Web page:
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An Introduction to Integration Testing and its Types

What is Integration Testing - TechAffinity
What is Integration Testing?

Integration Testing is a division of software testing that tests interfaces between different software components. Any software module will work well individually, but when it’s integrated with a different module, there are chances where the software might not behave as intended. This is when integration testing is performed to ensure that the software works smoothly without any issues. 

Why Should You Do Integration Testing?
  • It is extremely difficult to find and fix defects in integrated components. Performing Integration tests can help you in such cases.
  • With integration testing, you can find and fix the bugs at the very start of the development.
  • This test runs faster than the end to end tests.
  • This test will help you to find system issues like cache integration, corrupted database schema, etc. 
  • With Integration Testing, you’ll be able to reduce the possibilities of software failure.
  • Performing this testing will help you to check the structural changes when a user moves from one module to the next.
  • You can reduce the overall number of bugs in a system by fixing issues in the Integrated modules.
  • By performing integrated testing, you can cover multiple modules, thus providing broader testing capabilities.
Types of Integration Testing:   

Integration Testing is approached by combining different functional units and testing them to examine the results. Integration testing types fall under two categories, as mentioned in the image.

Integration Testing Types
Incremental Integration Testing

Incremental integration testing is performed by combining logically related two or more modules. Every module will be added one by one in the testing unit until the testers complete the whole system. With this approach, you can test the system for defects at an early stage in a smaller unit when it is reasonably easy to identify the cause. This type of testing intends to pass the feedback to the developers at the very start to fix the bugs. BugsBugsA bug is an error, flaw or fault in a computer program or system that causes it to produce an incorrect or unexpected result, or to behave in unintended ways. found with this testing can be fixed without disturbing the other modules. This method generally uses stubs and drivers to set up the transmission. Stubs and drivers are duplicate programs used to establish communication. You can perform this integration test in three different approaches.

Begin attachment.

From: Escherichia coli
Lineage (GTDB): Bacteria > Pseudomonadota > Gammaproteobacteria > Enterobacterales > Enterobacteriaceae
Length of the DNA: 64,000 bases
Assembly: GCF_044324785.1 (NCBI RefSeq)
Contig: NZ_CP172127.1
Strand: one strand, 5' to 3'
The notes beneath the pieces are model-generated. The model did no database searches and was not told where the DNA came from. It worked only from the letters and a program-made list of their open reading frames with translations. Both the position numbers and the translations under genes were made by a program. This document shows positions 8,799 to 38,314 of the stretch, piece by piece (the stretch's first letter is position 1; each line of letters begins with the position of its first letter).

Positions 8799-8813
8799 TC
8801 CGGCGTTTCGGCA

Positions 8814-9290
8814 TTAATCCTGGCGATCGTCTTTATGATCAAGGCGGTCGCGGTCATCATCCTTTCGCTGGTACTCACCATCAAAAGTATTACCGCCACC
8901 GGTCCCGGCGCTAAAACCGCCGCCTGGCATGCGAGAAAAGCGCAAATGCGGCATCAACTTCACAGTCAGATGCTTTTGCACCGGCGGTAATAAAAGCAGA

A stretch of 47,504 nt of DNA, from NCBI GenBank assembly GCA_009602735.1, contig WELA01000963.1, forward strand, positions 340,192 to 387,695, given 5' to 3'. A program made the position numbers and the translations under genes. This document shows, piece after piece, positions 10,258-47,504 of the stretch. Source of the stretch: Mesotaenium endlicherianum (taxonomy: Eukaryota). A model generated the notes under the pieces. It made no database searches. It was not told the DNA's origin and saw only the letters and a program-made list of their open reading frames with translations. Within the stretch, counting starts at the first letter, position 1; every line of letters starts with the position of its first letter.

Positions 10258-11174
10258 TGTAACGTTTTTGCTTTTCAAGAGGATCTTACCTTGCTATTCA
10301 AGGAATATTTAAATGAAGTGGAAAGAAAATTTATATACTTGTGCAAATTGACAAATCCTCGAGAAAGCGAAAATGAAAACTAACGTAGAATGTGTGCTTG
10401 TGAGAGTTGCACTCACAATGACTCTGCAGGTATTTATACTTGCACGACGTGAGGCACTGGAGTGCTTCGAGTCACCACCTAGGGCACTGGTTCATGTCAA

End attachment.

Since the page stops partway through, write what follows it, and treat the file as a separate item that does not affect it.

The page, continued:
1. Bottom-up Integration Testing

Here the testing starts from the lowest module in the architecture. The testing control flow moves upwards from the bottom. This method will be executed whenever the top modules are under development. This method will use the drivers to restore the working of modules that are missing. This way of approach has a high success ratio and is an efficient way to test and develop a product. It is faster than the other traditional methods of testing.

Bottom-up Integration Testing

2. Top-down Integration Testing

In this approach, testing is performed from the top-most module in the architecture. The testing control flow moves to the bottom from the top. This method will use stubs as duplicate programs to restore the working of modules that are missing. This method is comparatively easier than the bottom-up approach as it uses stubs, which are generally easier to write than the drivers. With this approach, you can find the interface errors with ease because of its incremental nature.

Top-down Integration Testing

3. Sandwich Integration Testing

It is a combination of Bottom-up and Top-down Approaches. In this approach, bottom modules are tested with top modules, at the same time, the top modules are tested with the lower modules. The goal here is to reach the mid module by testing both top and bottom modules simultaneously. This approach uses both stubs and drivers.

Hybrid Integration Testing
Big Bang Integration Testing

This type of testing is usually performed only after all the modules are developed. Once developed, all modules will be coupled to form a single software system, and then the testing will be performed. This sort of testing generally suits smaller systems. Though every module will be developed before even starting the integration testing, the biggest disadvantage here is some of your resources will be unproductive as they have to wait for all the modules to be developed before starting the testing process thus, making it costly and time-consuming.

Final Thoughts

With integration testing, you can find the defects in a structure while interactions happen between modules. So, as a tester, if you would like to have a streamlined development process, where implementing new functionality into production is easy, you should perform integration testing.

We, at TechAffinity, have a team of dedicated testers and a testing system to check and ensure if your web and mobile app modules are performing as per the expectations. Our experts are familiar with many software for testing and ensure there is no code redundancy in your software and is ready for launch. Get in touch with us by scheduling a meeting or drop an email at

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